Put yourself in Jordyn Wright’s shoes. Wright is a Jewish second-year science student at McGill University. She is very involved in student government, serving on the Students’ Society of McGill University (SSMU) legislative council and the SSMU board of directors, as well as student government in her own faculty.
Over the weekend, Wright revealed the harassment she has been facing simply because she plans to travel to Israel during winter break on a program which, she explained on Facebook, “entails visiting Israel and the Palestinian territories to meet with politicians, journalists and locals from all sides to better understand a very nuanced geopolitical conflict.”
For this apparent misdeed, she has been attacked by the SSMU, which has called for her resignation, and interrogated by her faculty council. “The SSMU president,” Wright wrote, “personally singled me out, and actively encouraged others to attack me.” The science executive committee gave her an ultimatum: “Either I withdraw from the trip or I resign from my position. If I do not resign, I am being implicitly threatened with impeachment upon my return.”
(Oh, and by the way, Wright says a non-Jewish member of the SSMU is also scheduled to attend the same upcoming Israel trip and has faced zero pressure from the student government.)
What would you do if you were Jordyn Wright?
If you were brave enough, you might take your story public and state unequivocally that you won’t resign. You could point out the blatant hypocrisy, the clear fact that Jewish kids are being forced to play by a different and ever-changing set of rules than the rest of the student body. As Wright noted, “Those who have sought to remove me from student government frame my participation as a conflict of interest issue. If that were the case, then why is a SSMU executive with a pro-BDS sticker on their water bottle not facing the same scrutiny?”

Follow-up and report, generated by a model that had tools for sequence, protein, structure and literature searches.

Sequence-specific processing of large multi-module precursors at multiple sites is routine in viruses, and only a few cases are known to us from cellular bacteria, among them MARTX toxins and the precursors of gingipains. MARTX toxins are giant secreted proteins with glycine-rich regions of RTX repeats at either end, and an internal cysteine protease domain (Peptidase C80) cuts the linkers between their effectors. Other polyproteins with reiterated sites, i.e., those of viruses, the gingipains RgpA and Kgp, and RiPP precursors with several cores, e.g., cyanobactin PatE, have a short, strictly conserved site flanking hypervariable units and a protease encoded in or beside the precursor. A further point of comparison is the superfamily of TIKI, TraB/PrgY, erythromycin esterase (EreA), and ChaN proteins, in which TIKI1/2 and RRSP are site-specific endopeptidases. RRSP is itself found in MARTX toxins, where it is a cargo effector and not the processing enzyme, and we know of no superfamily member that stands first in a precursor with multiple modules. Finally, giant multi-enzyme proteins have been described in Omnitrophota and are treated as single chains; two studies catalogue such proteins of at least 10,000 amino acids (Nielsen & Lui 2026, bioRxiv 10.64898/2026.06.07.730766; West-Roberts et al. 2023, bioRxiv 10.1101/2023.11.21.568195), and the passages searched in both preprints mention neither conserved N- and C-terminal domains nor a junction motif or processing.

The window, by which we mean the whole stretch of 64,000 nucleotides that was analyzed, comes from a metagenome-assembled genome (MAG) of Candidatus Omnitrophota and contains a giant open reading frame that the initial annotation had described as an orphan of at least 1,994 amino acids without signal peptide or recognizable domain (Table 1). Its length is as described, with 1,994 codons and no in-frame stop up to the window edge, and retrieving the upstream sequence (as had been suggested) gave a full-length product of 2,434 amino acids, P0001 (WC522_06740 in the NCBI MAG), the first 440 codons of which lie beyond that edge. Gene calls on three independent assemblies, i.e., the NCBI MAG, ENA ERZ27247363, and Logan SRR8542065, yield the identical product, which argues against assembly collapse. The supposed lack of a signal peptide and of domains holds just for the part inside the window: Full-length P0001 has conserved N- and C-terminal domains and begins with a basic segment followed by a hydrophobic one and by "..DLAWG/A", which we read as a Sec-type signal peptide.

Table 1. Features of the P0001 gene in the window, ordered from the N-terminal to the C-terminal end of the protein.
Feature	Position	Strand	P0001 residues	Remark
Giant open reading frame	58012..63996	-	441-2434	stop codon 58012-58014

Perhaps your story would garner some media attention and the university might be propelled to react. That’s what happened just a few weeks ago, when the
McGill Daily refused to publish a rebuttal to its asinine definition of Zionism. But even then, after the Daily was forced to publish the pro-Israel letter, it was accompanied by a lengthy editorial that concluded by accusing Israel of ethnic cleansing.
So what’s your next move when you can see that the deck is clearly stacked against you?
It’s a question Canadian Jewish university students have been grappling with these last few weeks, not just at McGill, but at the University of Toronto and York University, too. At the former, the graduate students’ union was forced to apologize over an email that suggested it could not support a Hillel campaign for more kosher food on campus because of the Jewish group’s pro-Israel stance. At the latter, the federation of students just passed a motion opposing “representatives of the Israeli state or any other imperialist power” visiting campus.
With all this open anti-Zionism and anti-Semitism at play, you might very well wonder aloud why, amid all the meaningful talk about diversity, one community is so obviously being excluded. You would question how Jewish and pro-Israel students could respond in a meaningful way. You might even start to think that the only way to even the score is to adopt the tactics of your antagonists – the ones who shout “Viva, viva intifada” while silencing and intimidating you.
You would be wrong to do that, mind you, but right to question the paucity of tangible options available. It’s up to pro-Israel groups and the leadership of the campuses they serve to provide a better answer – and soon.